mistook them for the golden ore of wisdom

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Is the expression "mistook them for the golden ore of wisdom" a way of commending? But something here is contradictory: If the man's speculations clear the speaker's foggy ideas about metaphysics, then they do have some characteristics of golden ore of wisdom, and so not mistaking happens here.

So, how to understand the expression properly? My best guess for now is that "mistook them" means "mistook the sparkling sands of poetry", not "mistook his speculations."

I felt a wonderful self-complacency at being on such excellent terms with a man whom I considered on a parallel with the sages of antiquity, and looked down with a sentiment of pity on the feebler intellects of my sisters, who could comprehend nothing of metaphysics. It is true, when I attempted to study them by myself, I was apt to get in a fog; but when Glencoe came to my aid, everything was soon as clear to me as day. My ear drank in the beauty of his words; my imagination was dazzled with the splendor of his illustrations. It caught up the sparkling sands of poetry that glittered through his speculations, and mistook them for the golden ore of wisdom.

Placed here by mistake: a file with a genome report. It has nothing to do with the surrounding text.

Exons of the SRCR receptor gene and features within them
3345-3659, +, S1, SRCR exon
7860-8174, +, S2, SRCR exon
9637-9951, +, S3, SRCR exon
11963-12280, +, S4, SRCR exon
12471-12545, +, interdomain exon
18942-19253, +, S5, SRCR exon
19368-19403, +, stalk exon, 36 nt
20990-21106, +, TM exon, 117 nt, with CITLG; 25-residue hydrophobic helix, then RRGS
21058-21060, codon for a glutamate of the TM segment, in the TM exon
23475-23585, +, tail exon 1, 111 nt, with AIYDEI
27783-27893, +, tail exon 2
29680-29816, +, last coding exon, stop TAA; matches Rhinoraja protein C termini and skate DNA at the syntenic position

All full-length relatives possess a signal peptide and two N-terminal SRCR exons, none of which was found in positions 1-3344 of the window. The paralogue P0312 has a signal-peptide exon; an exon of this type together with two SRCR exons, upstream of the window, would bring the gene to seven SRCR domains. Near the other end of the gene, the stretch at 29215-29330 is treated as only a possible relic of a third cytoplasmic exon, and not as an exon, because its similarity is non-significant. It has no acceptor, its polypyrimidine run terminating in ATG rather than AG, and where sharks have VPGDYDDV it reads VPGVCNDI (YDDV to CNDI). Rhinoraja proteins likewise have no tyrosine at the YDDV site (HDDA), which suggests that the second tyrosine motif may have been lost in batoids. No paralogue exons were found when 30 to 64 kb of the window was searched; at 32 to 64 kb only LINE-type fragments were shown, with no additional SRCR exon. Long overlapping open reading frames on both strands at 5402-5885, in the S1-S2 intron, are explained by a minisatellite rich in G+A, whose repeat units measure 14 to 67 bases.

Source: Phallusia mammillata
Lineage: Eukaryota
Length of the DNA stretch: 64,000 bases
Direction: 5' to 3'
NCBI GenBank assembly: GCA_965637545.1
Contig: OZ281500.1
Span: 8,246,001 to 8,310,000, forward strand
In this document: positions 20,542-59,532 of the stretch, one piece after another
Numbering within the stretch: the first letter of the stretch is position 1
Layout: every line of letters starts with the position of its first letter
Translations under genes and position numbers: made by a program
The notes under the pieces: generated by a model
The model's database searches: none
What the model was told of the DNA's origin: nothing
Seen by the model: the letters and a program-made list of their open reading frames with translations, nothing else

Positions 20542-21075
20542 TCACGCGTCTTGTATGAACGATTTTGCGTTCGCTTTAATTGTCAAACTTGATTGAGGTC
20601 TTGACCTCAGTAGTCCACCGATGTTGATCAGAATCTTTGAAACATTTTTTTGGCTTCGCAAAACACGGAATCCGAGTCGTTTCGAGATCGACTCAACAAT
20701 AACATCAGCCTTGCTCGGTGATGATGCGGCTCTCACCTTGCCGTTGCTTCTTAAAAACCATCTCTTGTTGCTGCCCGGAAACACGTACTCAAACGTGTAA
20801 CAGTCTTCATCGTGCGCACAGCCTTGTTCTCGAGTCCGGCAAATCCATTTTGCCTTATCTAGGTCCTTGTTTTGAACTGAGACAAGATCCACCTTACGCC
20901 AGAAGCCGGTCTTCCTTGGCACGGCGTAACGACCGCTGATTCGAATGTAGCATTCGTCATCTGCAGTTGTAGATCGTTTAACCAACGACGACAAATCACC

Source: Rip Van Winkle and other stories by Washington Irving
  • entangledbank

    Senior Member
    English - South-East England
    He mistook sparkling sand for gold, but that metaphor is undermining the commendatory tone. Clearly the writer, at the time of writing, does not think this was good or important metaphysics, and is describing his own earlier errors of understanding. (This rather ponderous irony is typical of earlier nineteenth-century writers, I find.)

    Why do I know 'them' refers to 'sands', not the nearer and plausible 'speculations'? I think it's because the two are metaphors in parallel: sands and ore. He wouldn't use a sand metaphor, drop it for a literal word, then use another mineral metaphor. They must be connected.


    Senior Member
    English - England
    Is the expression "mistook them for the golden ore of wisdom" a way of commending?
    What the narrator is saying is that he absorbed all that Glencoe taught him and assumed that he (the narrator) now possessed a source of wisdom.

    Golden - precious; valuable
    ore of wisdom - from which wisdom might be extracted

    However, if you read on, this is not the case.
    Last edited:


    Senior Member
    USA, English
    I would have guessed "nugget" in place of "ore".

    A nugget is solid metal; ore is stone from which metal can be extracted.
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